If Kindness is a Top Strength Try these;

Kindness [generosity, nurturance, care, compassion, altruistic love]:

Below are some suggested actions if Kindness is a top Character Strength

Kindness consists of doing favours and good deeds for others without the expectation of personal gain. This strength requires respect for others but also includes emotional affection. Kind people find joy in the act of giving and helping other people, regardless of their degree of relatedness or similarity.

Too much: intrusiveness
Too little: indifference

But if you dont know your Strengths why not take the VIA Strength Test – click here

Suggested Actions

Do three random acts of kindness per week for those whom you know. Consider doing small favours for friends and neighbors, calling sick or sad friends, getting groceries for a friend busy in exams, cooking a meal for an elderly relative, or baby-sitting.

Do one random act of kindness weekly for someone you don’t know. Consider letting someone ahead of you in line, putting money in a meter than has run out, or letting another customer take the last item on a shelf.

Donate blood periodically, especially when there is news of a shortage. Let people know about your action, not as boasting but as encouragement for them to do the same.

Visit someone who is sick and in the hospital. Bring them flowers and a card, and stay long enough that you notice their mood improve visibly.

Visit someone in a nursing home or hospice. Bring something that you know they enjoy, such as a favorite food, favorite flower, or photo album.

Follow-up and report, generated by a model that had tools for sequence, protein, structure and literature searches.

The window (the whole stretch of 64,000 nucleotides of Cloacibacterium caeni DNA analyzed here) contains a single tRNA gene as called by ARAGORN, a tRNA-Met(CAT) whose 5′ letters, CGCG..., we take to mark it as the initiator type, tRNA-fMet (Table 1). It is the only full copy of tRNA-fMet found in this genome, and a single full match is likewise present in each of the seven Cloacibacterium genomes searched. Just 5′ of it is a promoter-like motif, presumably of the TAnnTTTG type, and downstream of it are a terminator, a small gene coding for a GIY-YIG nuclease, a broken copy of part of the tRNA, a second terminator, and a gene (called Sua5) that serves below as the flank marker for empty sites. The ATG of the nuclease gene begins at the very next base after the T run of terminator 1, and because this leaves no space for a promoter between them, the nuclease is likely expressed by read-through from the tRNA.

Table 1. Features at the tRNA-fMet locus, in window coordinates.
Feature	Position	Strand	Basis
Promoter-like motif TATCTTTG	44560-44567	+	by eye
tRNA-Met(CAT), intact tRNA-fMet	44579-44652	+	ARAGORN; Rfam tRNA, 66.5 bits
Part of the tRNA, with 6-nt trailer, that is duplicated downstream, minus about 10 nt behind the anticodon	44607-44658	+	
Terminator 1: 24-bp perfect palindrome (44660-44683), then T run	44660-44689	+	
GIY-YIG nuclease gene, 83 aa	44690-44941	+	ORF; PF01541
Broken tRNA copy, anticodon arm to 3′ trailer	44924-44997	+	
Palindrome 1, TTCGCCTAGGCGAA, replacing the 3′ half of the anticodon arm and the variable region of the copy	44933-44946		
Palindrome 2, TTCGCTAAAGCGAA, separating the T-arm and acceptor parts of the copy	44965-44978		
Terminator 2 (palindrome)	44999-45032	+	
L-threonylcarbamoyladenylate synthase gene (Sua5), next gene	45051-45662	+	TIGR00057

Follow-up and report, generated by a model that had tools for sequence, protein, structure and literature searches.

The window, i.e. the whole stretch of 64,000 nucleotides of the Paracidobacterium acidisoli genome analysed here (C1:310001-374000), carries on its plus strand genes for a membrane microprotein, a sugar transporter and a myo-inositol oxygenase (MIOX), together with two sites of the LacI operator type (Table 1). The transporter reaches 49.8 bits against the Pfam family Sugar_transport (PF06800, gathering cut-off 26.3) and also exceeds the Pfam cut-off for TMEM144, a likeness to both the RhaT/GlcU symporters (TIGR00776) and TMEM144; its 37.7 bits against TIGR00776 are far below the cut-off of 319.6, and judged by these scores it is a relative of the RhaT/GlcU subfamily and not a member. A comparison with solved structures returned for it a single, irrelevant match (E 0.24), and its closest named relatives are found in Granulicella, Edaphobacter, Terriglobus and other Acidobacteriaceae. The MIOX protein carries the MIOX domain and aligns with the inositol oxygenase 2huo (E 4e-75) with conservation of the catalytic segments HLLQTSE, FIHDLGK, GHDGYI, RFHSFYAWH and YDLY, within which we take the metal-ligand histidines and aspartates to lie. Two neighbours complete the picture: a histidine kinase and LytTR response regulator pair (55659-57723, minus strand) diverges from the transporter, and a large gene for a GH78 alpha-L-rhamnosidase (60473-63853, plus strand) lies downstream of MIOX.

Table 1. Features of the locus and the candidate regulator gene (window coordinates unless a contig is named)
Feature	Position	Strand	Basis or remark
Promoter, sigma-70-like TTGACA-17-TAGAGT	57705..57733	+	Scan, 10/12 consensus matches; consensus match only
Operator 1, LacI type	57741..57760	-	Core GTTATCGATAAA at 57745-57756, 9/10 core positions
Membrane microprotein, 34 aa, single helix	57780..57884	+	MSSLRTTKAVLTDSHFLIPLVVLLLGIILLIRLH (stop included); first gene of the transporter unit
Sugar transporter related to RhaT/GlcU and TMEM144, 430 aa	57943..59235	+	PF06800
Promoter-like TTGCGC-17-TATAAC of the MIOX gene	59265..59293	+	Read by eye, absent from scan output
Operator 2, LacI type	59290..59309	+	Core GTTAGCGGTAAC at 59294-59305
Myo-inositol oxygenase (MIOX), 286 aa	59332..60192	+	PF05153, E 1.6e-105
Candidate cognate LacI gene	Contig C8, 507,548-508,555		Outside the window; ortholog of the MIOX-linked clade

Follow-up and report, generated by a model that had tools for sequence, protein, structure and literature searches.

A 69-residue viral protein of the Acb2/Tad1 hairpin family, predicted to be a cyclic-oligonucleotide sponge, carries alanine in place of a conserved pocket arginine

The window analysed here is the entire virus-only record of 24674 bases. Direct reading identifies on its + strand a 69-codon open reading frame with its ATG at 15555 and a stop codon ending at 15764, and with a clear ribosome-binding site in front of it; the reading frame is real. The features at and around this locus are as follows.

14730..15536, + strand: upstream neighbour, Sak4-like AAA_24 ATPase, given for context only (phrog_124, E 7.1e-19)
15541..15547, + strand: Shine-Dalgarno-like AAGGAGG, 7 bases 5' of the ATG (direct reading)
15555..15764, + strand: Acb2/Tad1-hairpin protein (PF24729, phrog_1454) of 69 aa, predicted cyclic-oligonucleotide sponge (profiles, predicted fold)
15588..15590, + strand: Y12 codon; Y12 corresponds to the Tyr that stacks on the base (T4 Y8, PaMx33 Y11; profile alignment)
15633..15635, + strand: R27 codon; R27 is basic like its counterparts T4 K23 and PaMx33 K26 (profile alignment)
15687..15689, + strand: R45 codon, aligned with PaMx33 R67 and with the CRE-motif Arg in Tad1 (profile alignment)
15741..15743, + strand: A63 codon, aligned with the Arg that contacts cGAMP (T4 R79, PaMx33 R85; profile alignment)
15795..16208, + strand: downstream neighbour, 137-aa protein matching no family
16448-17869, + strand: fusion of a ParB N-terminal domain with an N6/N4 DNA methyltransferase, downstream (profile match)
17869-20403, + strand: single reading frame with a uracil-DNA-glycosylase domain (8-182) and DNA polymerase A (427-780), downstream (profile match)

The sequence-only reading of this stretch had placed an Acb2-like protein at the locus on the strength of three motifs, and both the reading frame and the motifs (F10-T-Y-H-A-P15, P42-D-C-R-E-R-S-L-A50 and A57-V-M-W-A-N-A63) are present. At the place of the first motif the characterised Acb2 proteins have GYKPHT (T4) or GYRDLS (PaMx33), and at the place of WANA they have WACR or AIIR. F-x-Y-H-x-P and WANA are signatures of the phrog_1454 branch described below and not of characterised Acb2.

Give gifts to others that involve experiential activities. Some ideas include a gift certificate for a class, supplies for a hiking trip, or a ticket to a new place.

Take out a friend(s) on a surprise dinner and pay for it. Savor the satisfaction that you feel from your generosity.

Say kinder and softer words to people when interacting through email, writing letters, talking on phone. Be aware that communication over distance requires different types of gentleness than face-to-face communication.

Cook a nice meal for your loved ones. Let it be your project from beginning to end, from the shopping trip at the grocery store to washing the dishes afterward.

Share your belongings with others (e.g., lawn mover, snow blower, jump cables). Offer to help them if they don’t know how to operate equipment or go about accomplishing a task.

Make an inventory of your possessions, keep only what you absolutely need, and donate the rest. Observe whether owning fewer unnecessary possessions affects your mood or your concept of self.

Donate your time to others through helpful actions. Find a local volunteer organization, start a project of your own, or simply find time to do random acts of kindness for others.

Greet others with smile. When you ask people how they are, really listen for their response rather than conversing on “autopilot.”

While driving, give way to others and be courteous of pedestrians and bicyclists. When entering or exiting buildings hold the door for others.

Help fix someone’s flat tire or offer your cell phone to a stranded motorist. Carry jumper cables and flares in your trunk in case you need to help someone on the road.

Fix a community apparatus (such as playground equipment) even if you did not break it. Be aware of your role as a member of the community.
Stop and help someone who needs help on a highway. Stay with them until a tow truck or police officer arrives on the scene